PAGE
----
Raptor introductions, reintroductions or translocations are rare, and the scientific literature associated with them is usually retrospective, considering in a historical context why they have succeeded or failed. The proposed translocation of hen harriers, Circus cyaneus, to southern England, presents an extraordinary opportunity to study a raptor translocation in its early stages and as it unfolds. The ecological drivers of translocation outcomes are manifold: including population viability; Allee effects; demographic stochasticity; environmental fluctuations; diet and other dimensions of ecological niche; prey population dynamics; breeding success; behavioural interactions; dispersal and natal philopatry. The social drivers are similarly manifold: deliberative practices, means of engagement and communications; existing disputes, wider conflicts and policy differences; complex relationships among individuals and stakeholder groups. Ecological and social processes are likely to interact, both in anticipation of and during the translocation. Incorporating social-ecological approaches will bring new insights into conservation practice in contested arenas.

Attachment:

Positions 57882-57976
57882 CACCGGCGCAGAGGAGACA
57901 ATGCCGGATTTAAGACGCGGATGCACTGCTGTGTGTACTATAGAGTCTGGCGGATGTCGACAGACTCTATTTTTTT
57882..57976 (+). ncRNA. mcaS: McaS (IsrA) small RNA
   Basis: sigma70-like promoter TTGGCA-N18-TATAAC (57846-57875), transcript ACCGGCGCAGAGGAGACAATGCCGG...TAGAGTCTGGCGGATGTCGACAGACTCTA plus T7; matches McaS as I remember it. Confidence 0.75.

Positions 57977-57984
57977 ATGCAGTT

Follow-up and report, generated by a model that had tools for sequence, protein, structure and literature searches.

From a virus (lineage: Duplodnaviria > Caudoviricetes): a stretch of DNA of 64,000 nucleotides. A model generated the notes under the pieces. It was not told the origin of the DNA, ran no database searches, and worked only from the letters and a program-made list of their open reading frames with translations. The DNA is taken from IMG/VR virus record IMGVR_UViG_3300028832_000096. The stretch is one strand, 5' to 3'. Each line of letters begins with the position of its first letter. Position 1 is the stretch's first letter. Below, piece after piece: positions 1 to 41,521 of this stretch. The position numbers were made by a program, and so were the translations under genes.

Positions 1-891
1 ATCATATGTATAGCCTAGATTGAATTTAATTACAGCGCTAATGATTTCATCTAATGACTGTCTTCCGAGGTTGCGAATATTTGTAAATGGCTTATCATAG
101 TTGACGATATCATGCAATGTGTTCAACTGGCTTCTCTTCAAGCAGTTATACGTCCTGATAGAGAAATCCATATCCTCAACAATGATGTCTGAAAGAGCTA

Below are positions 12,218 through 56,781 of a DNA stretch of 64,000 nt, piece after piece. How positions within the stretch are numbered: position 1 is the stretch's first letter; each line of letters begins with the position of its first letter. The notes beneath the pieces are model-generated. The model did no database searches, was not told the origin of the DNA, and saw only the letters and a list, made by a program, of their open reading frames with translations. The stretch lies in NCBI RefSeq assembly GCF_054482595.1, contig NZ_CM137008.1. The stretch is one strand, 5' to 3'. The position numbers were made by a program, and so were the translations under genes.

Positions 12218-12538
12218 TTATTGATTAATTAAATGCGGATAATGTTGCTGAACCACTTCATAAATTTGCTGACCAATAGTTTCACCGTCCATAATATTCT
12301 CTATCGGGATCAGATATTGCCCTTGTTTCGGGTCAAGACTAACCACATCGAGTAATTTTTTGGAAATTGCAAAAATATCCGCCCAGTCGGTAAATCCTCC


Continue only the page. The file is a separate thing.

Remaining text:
This PhD will take a broad view of raptor translocations, using the case study of hen harriers in England, to deepen our understanding of the ecological and social drivers of the outcomes of these important conservation actions.